It’s only a couple weeks until the midterm election, Nov. 8, and so it’s time for a reminder about the deadlines for the Letters to the Editor page.
We do not publish political letters in the issue immediately prior to an election. That means if you want to write a letter about the Democratic or Republican parties, or any of the candidates, or any aspect of the political world, your deadline is noon, Monday, Oct. 24.
There are no exceptions.
While I’m talking about letters, I thought I’d also take the opportunity to mention something about letters that contain facts and figures. We receive a lot of those. In all cases, the writer must send links to a primary source for the information. I’m the only fact-checker here, and I don’t have time to search for information from letter writers inclined to “report” or use quotes. Plus, the letters are supposed to be opinion anyway.
Nevertheless, I need to be able to verify the non-opinions without searching for the information.
Another thing while I’m on the topic. I’ve had conversations with a few of you trying to explain that facts and figures don’t sway opinions. That’s my anecdotal experience, gathered over almost two decades, talking to many, reading the opinions of many, covering many. Then I attended a Climate Change Coalition speaker event and received validation from a professional on the fascinating topic of effective communication.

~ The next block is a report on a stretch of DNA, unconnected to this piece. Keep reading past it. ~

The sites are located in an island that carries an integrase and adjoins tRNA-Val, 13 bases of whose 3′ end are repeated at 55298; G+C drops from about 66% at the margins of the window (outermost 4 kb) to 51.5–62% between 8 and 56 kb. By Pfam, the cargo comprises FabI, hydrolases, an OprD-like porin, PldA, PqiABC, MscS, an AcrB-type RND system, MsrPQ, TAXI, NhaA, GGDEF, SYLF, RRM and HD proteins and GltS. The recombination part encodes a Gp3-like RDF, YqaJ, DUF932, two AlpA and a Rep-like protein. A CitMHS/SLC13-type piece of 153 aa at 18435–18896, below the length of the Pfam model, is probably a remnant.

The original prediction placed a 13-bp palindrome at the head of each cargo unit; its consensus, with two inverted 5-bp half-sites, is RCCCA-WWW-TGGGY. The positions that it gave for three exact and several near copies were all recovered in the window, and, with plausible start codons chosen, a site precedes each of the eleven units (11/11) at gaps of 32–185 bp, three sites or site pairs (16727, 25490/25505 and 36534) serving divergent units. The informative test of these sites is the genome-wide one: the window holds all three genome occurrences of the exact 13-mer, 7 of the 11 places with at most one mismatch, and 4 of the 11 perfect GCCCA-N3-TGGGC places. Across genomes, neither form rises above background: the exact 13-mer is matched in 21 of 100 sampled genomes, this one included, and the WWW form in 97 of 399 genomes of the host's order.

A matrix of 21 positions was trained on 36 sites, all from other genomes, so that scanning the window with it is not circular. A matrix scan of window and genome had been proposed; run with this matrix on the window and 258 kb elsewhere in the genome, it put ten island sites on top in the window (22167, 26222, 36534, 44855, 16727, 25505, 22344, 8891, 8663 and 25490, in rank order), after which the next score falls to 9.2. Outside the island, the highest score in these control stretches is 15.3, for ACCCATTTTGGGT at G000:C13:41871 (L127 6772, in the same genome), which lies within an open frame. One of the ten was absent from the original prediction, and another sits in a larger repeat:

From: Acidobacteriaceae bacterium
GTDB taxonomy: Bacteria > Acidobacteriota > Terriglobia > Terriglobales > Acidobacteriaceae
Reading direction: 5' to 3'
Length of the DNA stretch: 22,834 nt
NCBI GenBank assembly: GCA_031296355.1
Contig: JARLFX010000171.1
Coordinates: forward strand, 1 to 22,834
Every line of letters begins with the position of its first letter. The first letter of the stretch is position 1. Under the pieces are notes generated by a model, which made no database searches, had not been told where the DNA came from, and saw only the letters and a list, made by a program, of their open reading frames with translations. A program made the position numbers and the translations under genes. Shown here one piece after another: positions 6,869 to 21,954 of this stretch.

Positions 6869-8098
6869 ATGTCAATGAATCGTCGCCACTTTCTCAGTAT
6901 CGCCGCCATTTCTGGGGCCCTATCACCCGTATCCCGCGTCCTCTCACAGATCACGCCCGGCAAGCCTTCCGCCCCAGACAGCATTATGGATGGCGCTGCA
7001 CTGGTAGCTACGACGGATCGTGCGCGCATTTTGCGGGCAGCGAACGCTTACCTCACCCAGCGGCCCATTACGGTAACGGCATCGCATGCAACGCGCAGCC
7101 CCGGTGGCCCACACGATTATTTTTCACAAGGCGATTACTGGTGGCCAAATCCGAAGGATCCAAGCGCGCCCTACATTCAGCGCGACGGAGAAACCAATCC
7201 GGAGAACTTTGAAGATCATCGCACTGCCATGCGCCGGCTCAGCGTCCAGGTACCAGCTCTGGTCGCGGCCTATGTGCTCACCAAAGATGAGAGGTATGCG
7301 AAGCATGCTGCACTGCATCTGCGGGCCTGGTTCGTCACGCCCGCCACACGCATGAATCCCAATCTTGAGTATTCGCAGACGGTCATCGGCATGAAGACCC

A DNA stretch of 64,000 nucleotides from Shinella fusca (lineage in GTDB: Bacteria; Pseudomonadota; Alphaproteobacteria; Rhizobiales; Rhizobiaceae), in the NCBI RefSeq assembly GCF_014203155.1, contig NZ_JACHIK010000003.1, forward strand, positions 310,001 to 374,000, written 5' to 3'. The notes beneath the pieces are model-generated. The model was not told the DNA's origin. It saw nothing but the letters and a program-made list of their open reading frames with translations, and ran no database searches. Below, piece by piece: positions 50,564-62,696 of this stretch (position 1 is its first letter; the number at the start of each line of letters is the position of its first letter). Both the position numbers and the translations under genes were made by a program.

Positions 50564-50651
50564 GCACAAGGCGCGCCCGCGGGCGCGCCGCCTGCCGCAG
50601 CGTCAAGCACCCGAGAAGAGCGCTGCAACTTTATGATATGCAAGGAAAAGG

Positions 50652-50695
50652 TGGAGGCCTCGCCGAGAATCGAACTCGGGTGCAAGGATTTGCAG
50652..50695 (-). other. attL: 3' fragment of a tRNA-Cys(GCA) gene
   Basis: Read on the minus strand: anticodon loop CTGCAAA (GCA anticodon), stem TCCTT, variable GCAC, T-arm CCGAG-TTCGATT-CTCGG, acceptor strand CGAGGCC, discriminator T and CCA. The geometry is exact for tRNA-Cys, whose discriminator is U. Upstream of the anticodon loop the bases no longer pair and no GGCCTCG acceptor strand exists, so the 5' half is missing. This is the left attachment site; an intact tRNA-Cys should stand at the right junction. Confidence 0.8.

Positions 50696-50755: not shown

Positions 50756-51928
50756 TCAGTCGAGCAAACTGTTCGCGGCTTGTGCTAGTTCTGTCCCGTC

Dominique Brossard, who spoke at the Kress Pavilion in Egg Harbor Sept. 13, is a professor and the chair of UW-Madison’s Life Sciences Communications Department. Early in her lecture, she talked about “The Myth of More Information.” She then proceeded to authenticate my experience when she said, “We don’t use information for beliefs; things just connect.”
There was a lot more to it than that. I’m conveying only the essence. We use information to formulate beliefs, but that happens early in life as we’re creating our road map. Once a map is drawn, very few people want to change it or start another – and I’d bet they’re certainly not going to be inspired to do so by a fact in a letter to the editor.
In short: This is a last call for political letters and an ongoing call for source information to accompany non-opinion letters.